• expression are mutually exclusive. These proteins are Ig superfamily proteins and do not show variability like the TCR. • Correlation between CD4/CD8 expression and MHC restriction specificity is absolute. CD4 cells only associate with class II MHC, and CD8 T cells only recognize antigen on MHC class I molecules. CD4 and CD8 actually interact directly with the MHC molecules on APC. Antigen recognition requires that CD4 co-cluster with TCR on the T cell. Then, when the TCR recognizes antigen and MHC, the CD4 interacts with MHC II or CD8 interacts with MHC I. The CD4/CD8 are intracellularly associated with a tyrosine kinase called lck, and during T cell activation lck is recruited to the CD4/CD8-TCR complex and phosphorylates them to initiate a signaling cascade. • This dichotomy is important because there are two pathways for processing foreign antigens. Exogenous antigens are taken up by cells like macrophages and are degraded in endosomal compartments. MHC class II is trafficked here from the ER, where it was associated with an invariant chain to direct it to the endosome and prevent peptide binding until it gets there. Once the MHC class II gets to the acidic endocytic vesicle, the invariant chain is degraded with the help of HLA DM, which allows exogenous peptides to bind. This then goes to the cell surface. • Endogenous foreign proteins (often intracellular viruses) are degraded by an immunoproteasome, then trafficked into the ER by a TAP1/TAP2 transporter. This transporter is an ABC superfamily transporter and is encoded at the MHC locus, as are parts of the immunoproteasome. Once in the ER, these peptides are free to associate with MHC class I molecules in the ER. TAP1/TAP2 facilitates this because it is linked to nascent MHC class I by the protein tapasin. They are then trafficked to the cell surface. MHC class I also binds self peptides this way, but these aren’t recognized by the TCRs. • It makes sense that cells like neurons don’t express MHC class I, because they are basically irreplaceable, and you wouldn’t want a cytotoxic T cell to kill them. Also, viruses may try to block this endogenous pathway or the TAP proteins. But, our NK cells detect low levels of MHC class I on cells, and other mechanisms try to protect us. • B cells and T cells specific for the same antigen collaborate during an antibody response. Antigen is taken up by an APC and presented on MHC class II. A CD4 T cell then recognizes this and is activated. This CD4 T cell then needs to encounter a B cell specific for the antigen. This B cell needs to have already encountered the antigen, endocytosed it and expressed in on its MHC class II. If it has done this the B cell will express MHC class II, which can bind to the T cell. This B-T cell linking results in cytokine release that facilitates antibody production in the B cell, and the direct contacts also provide signaling. A particularly important direct contact occurs between CD40 and CD40L. • There are lots, lots more interactions between T cells and APCs that attach them and signal in both directions. • Superantigens are proteins that can activate large numbers of T cells. They are involved with some things like toxic shock and food poisoning. These antigens don’t require processing and work by cross linking the TCR to an MHC class II. It cross links them by binding at sites separate from the normal peptide binding cleft. It doesn’t bind at the hypervariable portions, so binds to lots of TCRs and activate lots of T cells to produce lots of cytokines. • Some viruses that infect B cells encode superantigens to activate T cells and get cytokines that stimulate B cell (host) proliferation. 18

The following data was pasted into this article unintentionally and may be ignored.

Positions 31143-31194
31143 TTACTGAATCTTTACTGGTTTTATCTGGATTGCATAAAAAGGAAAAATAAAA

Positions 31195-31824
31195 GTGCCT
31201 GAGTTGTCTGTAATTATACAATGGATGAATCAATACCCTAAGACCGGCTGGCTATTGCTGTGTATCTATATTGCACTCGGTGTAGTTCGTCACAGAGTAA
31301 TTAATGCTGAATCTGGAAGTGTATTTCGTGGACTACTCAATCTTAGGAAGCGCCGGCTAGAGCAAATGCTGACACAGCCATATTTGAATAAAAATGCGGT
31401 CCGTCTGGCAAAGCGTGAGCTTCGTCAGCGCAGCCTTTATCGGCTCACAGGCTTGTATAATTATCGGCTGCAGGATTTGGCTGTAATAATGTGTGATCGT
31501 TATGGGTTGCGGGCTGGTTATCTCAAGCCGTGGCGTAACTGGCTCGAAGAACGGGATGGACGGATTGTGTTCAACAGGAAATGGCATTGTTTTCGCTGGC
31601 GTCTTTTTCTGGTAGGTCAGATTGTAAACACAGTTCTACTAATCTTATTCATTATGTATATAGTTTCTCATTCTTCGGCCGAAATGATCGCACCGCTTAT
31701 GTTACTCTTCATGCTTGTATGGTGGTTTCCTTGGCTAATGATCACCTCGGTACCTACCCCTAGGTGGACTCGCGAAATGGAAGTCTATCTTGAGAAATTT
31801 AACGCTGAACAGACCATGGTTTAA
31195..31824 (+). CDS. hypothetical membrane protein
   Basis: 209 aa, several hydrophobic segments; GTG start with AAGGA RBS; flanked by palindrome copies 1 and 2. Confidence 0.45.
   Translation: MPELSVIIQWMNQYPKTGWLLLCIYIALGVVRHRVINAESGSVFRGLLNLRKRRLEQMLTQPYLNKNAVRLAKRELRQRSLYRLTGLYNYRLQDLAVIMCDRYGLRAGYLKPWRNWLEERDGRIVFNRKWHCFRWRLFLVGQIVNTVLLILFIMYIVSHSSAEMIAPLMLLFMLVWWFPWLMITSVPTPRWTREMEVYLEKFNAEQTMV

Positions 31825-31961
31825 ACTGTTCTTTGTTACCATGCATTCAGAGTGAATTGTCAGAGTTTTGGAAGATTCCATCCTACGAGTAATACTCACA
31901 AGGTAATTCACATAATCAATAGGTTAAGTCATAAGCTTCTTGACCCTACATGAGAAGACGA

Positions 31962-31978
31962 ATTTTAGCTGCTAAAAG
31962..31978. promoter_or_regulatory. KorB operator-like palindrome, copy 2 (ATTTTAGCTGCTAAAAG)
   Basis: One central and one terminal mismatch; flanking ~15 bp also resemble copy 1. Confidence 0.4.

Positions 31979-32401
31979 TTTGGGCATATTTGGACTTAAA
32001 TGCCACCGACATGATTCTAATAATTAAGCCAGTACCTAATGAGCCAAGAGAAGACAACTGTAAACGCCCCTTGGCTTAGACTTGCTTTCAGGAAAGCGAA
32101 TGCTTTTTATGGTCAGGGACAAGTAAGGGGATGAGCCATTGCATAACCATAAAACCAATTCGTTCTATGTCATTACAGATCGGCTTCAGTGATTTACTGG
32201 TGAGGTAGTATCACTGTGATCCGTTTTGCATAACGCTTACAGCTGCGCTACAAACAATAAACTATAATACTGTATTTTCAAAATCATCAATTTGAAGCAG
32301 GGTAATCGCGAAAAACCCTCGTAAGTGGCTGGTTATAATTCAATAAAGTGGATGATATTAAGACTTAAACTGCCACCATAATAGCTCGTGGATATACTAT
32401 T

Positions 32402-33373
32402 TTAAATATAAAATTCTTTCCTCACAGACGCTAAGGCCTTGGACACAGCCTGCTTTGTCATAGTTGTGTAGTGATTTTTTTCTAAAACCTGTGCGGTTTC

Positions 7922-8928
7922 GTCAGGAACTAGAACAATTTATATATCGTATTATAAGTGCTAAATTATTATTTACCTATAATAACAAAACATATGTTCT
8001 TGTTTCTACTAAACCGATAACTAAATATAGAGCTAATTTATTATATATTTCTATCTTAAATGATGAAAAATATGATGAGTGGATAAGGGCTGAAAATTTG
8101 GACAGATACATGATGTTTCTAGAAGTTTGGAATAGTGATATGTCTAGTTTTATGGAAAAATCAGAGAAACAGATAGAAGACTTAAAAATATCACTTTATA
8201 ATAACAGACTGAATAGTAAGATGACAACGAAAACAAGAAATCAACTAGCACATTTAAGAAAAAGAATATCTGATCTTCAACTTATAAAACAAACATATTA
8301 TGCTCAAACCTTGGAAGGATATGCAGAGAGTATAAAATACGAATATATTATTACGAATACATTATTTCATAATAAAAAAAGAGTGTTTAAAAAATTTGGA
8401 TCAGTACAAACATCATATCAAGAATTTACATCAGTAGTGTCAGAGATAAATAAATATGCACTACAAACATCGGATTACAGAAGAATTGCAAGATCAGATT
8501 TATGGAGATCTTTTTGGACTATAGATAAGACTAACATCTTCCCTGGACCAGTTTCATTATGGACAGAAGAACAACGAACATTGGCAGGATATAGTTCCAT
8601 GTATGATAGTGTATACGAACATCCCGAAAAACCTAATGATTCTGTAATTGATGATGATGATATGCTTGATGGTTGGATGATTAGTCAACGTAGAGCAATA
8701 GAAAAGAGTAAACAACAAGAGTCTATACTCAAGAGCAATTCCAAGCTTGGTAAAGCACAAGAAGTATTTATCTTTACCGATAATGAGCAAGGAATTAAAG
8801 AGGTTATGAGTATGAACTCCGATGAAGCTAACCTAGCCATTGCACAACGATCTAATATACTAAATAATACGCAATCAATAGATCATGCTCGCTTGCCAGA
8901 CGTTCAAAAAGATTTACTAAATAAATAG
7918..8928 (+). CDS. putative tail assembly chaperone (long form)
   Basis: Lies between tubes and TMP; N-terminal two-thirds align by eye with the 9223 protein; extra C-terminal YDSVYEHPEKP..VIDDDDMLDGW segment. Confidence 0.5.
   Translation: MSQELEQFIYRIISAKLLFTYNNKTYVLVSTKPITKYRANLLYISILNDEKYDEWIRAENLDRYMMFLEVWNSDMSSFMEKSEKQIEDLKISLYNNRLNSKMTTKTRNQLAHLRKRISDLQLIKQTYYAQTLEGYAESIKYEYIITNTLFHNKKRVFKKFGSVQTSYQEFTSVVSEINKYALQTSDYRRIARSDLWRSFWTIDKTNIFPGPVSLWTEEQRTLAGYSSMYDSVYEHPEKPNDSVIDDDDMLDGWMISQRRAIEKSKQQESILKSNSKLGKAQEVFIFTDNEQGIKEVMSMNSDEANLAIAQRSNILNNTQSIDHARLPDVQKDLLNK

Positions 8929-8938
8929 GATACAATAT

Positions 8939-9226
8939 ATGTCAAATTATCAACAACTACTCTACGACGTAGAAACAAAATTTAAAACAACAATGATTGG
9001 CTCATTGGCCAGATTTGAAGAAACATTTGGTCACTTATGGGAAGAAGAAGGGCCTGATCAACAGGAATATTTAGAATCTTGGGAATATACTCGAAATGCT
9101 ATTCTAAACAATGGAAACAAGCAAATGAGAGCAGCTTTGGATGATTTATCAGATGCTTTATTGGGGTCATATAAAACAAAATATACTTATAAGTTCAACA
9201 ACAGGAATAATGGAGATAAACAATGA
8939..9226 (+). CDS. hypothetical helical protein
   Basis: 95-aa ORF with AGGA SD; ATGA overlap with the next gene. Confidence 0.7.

• • To detect in vivo T cell responses, make a fluorescently labeled, multivalent (for better binding) peptide/MHC complex. This can be used to quantitate the number of T cells in vivo. It confirmed a lot of our ideas and showed to what extent some things, like clonal expansion, happen in the T cell response. • Natural killer T cells (NKT cells) can recognize bacterial lipids and share properties of NK cells and T cells. They have relatively invariant TCRs and many surfaces markers of NK cells. The lipids bind CD1 on this cell and induce cytokine secretion. Lecture 10: Antigen Presenting Cells • Most cells express MHC I, but APCs also express MHC II. APCs include B cells, macrophages and dendritic cells. DCs are highly specialized for their central function of antigen presentation, and they are the most efficient APCs in starting a primary immune response. They also contribute to tolerance to self antigens. • Pathogens often enter through epithelial layers, so this interface is a special focus of the immune system. • Since naïve lymphocytes with a certain specificity are present at very low frequencies, the immune system doesn’t circulate a lot of them around. Rather, antigen capture and processing happens in peripheral tissues, then initiates immune responses in the secondary lymphoid organs (lymph nodes and spleen). Activated T cells can then leave the lymph node, for example, and go to target tissues. • Dendritic cells initiate innate and adaptive responses. They detect antigen in the periphery and move to T cell regions of lymph nodes to present antigen to them. DCs are present in nonlympoid organs (interstitial/Langerhans DCs), circulation (blood DCs), and lymphoid organs (interdigitating DCs). • DCs are very efficient at starting a primary immune response, much more so than macrophages. In epithelial layers, they have processes that penetrate throughout the dermis. They are widely distributed in lymphoid and non-lymphoid organs. Compared to macrophages, they have surface veils, fewer lysosomes (no phagocytosis), and multivesicular vacuoles. • There are two major pathways for DC differentiation. An early precursor lymphoid DC will ultimately produce a plasmacytoid DC, which secretes interferons and affects T cell differentiation. An early precursor myeloid DC can become Langerhans DCs (epithelium) or interstitial DCs (other tissues). We will be discussing the myeloid DC products!! • Overall, DCs capture antigen, lose adhesion in the periphery, migrate, mature, and activate naïve T cell in lymph nodes. DC progenitors originate from the bone marrow and are resident in peripheral sites as immature (aka processing) DCs. These are optimal for antigen uptake and MHC production, and have unique structures like rod shaped Birbeck granules which are like endosomes. Inflammatory mediators cause them to mature and migrate as “veiled” cells through the lymph or blood to secondary lymphoid tissues. These mature DCs effectively stimulate T cells in T cell areas of lymph nodes. • DCs in non-inflamed places take up peripheral endogenous antigens and bring them to lymphocytes. This gives them signal 1 in the absence of signal 2 and induces tolerance to these peripheral antigens. • DCs act as sentinels of non-lymphoid tissues by capturing and processing antigens. The capacity to do this varies with the DC’s state of maturation. Maturation also influences migratory ability and tissue distribution. Immature DCs (like Langerhans cells) in the 19